Last post on Jun 02, 2009 at 1:34 PM
You are in the BMW 3-Series
What is this discussion about?
BMW 3 Series, Sedan, Wagon
#8 of 19 Re: What to do when the CPO period ends? [Mr_Shiftright]
Dec 23, 2008 (8:29 pm)
All true but I think you've been incredibly lucky and/or diligent with your monthly operating costs.
Well, that's been the case for my last three BMWs. Three different models, three different years; 1995, 1997, 2004. I don't believe it's luck. Yes, my CCA discount helps, as does a bit of research, but right now my 2007 POS Mazdaspeed 3 is proving to be much more problematic and more expensive to run than any late model BMW I've ever owned. Nothing but the Blau Mit Weiss for me from now on...
#9 of 19 Re: What to do when the CPO period ends? [roadburner]
Dec 23, 2008 (8:41 pm)
I am a bit risk adverse and I can only do the very, very basic maintenance myself. It just seems that whenever I have the car in to be repaired or serviced, the service folks tell me that I am lucky that I have the service and maintenance program still going. Front brakes - would have been $1,500, 50K service - would have been $1,300, Front axle boots - would have been $1K, front left CV cylinder - would have been $$$. Now it could be that this dealer is trying pad his profit. What kind of discounts do the BMW clubs actually provide....I am not currently a member. Thanks.
#10 of 19 Re: What to do when the CPO period ends? [skgolfer]
Dec 23, 2008 (9:12 pm)
It just seems that whenever I have the car in to be repaired or serviced, the service folks tell me that I am lucky that I have the service and maintenance program still going. Front brakes - would have been $1,500, 50K service - would have been $1,300,
Your dealer is trying to skin you. Bad. Pads and rotors for all four wheels of my wife's 2004 X3 cost less than $1000 at my dealer. And the Inspection II cost less than $400. They might be trying to scare you into a newer car. That's not unheard of.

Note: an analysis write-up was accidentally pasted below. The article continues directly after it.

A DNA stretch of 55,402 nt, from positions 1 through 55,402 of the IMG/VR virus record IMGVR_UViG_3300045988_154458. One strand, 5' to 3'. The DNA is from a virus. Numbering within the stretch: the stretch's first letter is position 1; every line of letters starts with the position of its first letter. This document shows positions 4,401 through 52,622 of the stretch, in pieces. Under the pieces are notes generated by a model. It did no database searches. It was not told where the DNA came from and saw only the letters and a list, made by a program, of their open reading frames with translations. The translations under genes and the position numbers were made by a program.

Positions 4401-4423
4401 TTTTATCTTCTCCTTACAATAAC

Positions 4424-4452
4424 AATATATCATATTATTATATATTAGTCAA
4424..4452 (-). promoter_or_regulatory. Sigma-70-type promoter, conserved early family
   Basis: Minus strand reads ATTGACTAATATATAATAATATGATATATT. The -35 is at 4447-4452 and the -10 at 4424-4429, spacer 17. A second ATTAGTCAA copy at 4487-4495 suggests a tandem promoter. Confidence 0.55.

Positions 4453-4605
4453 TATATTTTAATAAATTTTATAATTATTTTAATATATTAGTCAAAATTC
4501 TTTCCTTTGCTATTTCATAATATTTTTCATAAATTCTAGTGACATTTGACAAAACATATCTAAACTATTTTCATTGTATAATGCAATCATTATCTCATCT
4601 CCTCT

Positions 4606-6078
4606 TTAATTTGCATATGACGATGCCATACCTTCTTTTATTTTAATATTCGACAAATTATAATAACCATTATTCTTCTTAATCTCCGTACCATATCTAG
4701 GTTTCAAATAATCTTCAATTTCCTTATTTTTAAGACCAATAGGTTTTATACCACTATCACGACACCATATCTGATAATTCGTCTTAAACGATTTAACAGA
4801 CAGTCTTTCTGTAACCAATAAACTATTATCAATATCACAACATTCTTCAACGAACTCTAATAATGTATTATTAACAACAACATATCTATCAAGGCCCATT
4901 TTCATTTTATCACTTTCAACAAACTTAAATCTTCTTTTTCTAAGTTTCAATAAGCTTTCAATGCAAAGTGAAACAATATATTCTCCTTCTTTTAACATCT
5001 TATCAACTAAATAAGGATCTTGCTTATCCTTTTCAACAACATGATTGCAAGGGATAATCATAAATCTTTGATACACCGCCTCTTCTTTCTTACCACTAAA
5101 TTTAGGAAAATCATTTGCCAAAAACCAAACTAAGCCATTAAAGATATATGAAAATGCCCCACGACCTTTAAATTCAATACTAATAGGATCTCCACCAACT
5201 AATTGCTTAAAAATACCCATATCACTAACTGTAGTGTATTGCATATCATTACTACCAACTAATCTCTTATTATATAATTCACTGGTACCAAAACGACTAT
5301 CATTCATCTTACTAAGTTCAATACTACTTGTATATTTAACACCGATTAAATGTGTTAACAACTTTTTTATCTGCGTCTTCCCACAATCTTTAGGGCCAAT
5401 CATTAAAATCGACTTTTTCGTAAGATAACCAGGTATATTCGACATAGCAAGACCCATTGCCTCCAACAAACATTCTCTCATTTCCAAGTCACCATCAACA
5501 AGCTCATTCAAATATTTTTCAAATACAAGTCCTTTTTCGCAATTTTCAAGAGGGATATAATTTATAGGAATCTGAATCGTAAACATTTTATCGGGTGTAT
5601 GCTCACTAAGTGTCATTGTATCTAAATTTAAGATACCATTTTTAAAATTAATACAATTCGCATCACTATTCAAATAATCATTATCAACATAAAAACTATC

Now it could be that this dealer is trying pad his profit.
That's the understatement of the year. Grand Larceny is more like it.
What kind of discounts do the BMW clubs actually provide
There is only one BMW Club in the US- the BMW Car Club of America. Many dealers and indie shops offer discounts of 10%-20% on parts and/or labor. Note that some unscrupulous dealers and shops charge 20%-30% over MSRP for parts, so the "discount" is really no such thing. I suspect that your dealer plays the same game.
#11 of 19 Re: What to do when the CPO period ends? [roadburner]
by Mr_Shiftright HOST
Dec 23, 2008 (9:31 pm)
None of my friends have quite your luck, sad to say. It's just one thing after another for them as their Bimmers mile up The '98 3 series of one friend got very squirrely around 80K, with the typical cooling system issues, another friend's 325is is pretty good at 110K but eats fuel pumps and has its share of electrical gremlins. My buddy's 7 series has been a disaster. The '99 5 series of my friend's parents has been the best of the bunch at about 105K, but did have AC issues and again electrical glitches.
I have incredibly good "luck" with cars too but I don't call it luck. I'm really diligent and I head off trouble before it starts. I spend a lot of time with my cars, looking 'em over. Also have a great network for repairs and parts.
So I give credit to anyone who can run a modern car at such low cost.
#12 of 19 Four BMWs....
Dec 24, 2008 (11:31 am)
I'm currently on my 4th 3 Series. I've followed "sell-before-this-date" rule on three of them.... and I think that's the way to go.
They're desirable cars that are easy to sell while still under CPO and command a (slight) premium because you can tell the buyer "If you have any problems, you're still under warranty".